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  #21  
Old 03-09-2013, 06:00 PM
Phlox Phlox is offline
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For real??! That's awesome! What did the teacher have to say about the group marriage concept?
He didn't address that specifically. We didn't do assigned interpretation in this class. It was a peer discussion of the books with him acting as facilitator. He touched on the concept of how society molds behavior by promoting certain mores and penalizing those who don't follow them. We talked about the pros and cons of mores.We talked a bit amongst ourselves about the group marriage concept though.It was the first time some of us had heard of it. Not me-my mother was a psych major and I liked to read her books.

I had other lit classes that used the assigned interpretation approach. They tended to be as dry as three day old bread. They didn't turn me off to reading or the classics, but I did tune out in those classes.
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  #22  
Old 03-09-2013, 07:31 PM
Blopez5293 Blopez5293 is offline
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Post So, worst book ever?

First I will start off by saying that I am an avid reader and rarely find anything I dislike enough to not finish reading. That being said I have run across several books I could not force myself to finish and of those, 1 was assigned reading. I was forced to read Ishi, Last of His Tribe. I hated it so much I actually broke my biggest rule and bought the cliff notes. Horrid book.... if you thought Catcher was bad, you ain't seen nothing yet. My favorite assigned book was by far The Giver. I have actually read this book multiple times and have finished the rest of the series. And while I, personally, love Shakespeare, I do feel that most high schools have not updated their reading lists in far too long. It seems to me that while many English teachers have no choice over what books they assign, many more simply do not bother to find newer books that don't come with a full lesson plan already made up by the teachers who have come before them. And I fully agree that most classrooms dissect the books to death and back again. I also feel that kids should have some say in the titles they read for school (like choosing the years reading together as a group at the start of the year) and that students should not be forced to read the same book multiple times for different years. Ex- I read The Giver as required reading in the 5th grade, then again 8th grade (same school district) and then again for freshman English. All I have to say is that if I didn't have an amazing memory I might not be so keen with The Giver now.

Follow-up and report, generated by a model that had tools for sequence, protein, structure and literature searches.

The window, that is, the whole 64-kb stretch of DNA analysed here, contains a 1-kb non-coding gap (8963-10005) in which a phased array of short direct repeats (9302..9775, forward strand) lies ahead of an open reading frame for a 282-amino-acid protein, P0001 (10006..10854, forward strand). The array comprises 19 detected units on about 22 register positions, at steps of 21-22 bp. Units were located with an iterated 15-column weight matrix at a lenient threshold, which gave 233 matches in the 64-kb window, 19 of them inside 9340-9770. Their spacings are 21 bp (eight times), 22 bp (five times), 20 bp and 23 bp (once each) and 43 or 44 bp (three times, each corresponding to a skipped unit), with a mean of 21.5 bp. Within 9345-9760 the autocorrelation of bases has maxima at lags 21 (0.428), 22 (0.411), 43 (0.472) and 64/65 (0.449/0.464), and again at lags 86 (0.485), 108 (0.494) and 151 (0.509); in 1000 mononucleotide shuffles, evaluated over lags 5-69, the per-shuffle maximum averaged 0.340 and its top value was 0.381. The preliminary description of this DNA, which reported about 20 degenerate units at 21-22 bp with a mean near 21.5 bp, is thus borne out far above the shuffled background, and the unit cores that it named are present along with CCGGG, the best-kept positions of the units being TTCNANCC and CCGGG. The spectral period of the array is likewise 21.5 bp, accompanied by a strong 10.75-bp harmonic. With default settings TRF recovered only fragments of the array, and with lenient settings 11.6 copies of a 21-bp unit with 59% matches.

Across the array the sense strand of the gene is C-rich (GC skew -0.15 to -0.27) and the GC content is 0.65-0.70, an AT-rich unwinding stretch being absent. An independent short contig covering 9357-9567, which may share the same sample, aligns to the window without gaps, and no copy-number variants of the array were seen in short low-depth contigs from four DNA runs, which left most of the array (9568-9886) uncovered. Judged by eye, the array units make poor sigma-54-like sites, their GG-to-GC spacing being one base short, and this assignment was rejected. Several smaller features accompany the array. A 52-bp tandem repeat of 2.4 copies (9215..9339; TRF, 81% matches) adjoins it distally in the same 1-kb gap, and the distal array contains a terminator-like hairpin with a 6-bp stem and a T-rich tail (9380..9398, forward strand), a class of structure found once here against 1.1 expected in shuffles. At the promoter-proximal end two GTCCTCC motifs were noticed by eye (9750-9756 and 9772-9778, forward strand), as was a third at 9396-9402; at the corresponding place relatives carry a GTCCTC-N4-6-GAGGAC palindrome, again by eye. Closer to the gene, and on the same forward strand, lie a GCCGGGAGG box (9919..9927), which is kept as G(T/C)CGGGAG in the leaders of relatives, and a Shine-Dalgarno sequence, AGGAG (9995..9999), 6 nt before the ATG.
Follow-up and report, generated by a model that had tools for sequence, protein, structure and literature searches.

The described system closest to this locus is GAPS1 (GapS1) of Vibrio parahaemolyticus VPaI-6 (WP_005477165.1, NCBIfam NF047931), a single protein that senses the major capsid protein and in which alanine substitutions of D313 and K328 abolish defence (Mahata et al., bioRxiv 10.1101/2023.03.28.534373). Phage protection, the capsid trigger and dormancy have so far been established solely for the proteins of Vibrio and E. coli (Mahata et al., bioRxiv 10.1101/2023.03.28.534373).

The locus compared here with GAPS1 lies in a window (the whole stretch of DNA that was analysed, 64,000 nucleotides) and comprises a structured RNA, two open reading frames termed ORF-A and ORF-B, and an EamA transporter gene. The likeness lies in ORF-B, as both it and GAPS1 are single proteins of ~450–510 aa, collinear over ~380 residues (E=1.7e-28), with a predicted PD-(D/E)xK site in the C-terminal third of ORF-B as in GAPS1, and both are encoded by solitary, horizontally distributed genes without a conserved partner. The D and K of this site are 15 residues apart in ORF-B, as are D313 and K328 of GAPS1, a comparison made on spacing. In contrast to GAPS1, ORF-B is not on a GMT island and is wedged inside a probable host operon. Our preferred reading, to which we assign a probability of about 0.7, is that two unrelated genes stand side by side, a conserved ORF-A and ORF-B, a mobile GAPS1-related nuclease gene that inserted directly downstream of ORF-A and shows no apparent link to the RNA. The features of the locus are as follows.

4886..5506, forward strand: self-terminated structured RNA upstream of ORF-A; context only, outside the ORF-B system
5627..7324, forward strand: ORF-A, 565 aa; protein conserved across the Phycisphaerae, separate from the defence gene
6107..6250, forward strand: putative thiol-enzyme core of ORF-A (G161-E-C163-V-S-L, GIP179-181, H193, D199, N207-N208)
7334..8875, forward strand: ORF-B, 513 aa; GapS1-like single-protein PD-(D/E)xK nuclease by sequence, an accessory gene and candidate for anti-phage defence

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  #23  
Old 03-10-2013, 09:20 AM
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Helo Helo is offline
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Something I've noticed on OKC; you can very easily pick out the non-readers.

If their favorite book list is essentially a high school English class reading list, good chance they're not "book people." I almost never hear anyone speak well of The Great Gatsby or Catcher in the Rye but man, fire up a dating site and suddenly EVERYONE turns into an English Lit major.
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  #24  
Old 03-10-2013, 04:22 PM
Blopez5293 Blopez5293 is offline
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Smile Maybe so but then wasn't H.S. reading lists the topic?

Helo, I'm not so sure about that. I am a huge reader and love works from Catcher in the Rye to Harry Potter and Dean Koontz. In fact I have read so many books when pressed I have a hard time picking out a favorite. However, I was under the impression that this discussion was based on the premise that reading the required reading lists in school can turn a person away from reading for fun as an adult. I personally feel that a child who has been read to by their parents from birth is much more likely to form a lifetime love of reading than a child who does not grow up surrounded by books. And that what we read at school actually has very little, if anything, to do with personal choices about reading after high school. I for one have never met someone who loved reading before high school and then hated reading after being exposed to Chaucer or Steinbeck. I feel that in the end the biggest factor is the quantity of different reading material one is exposed to early in life.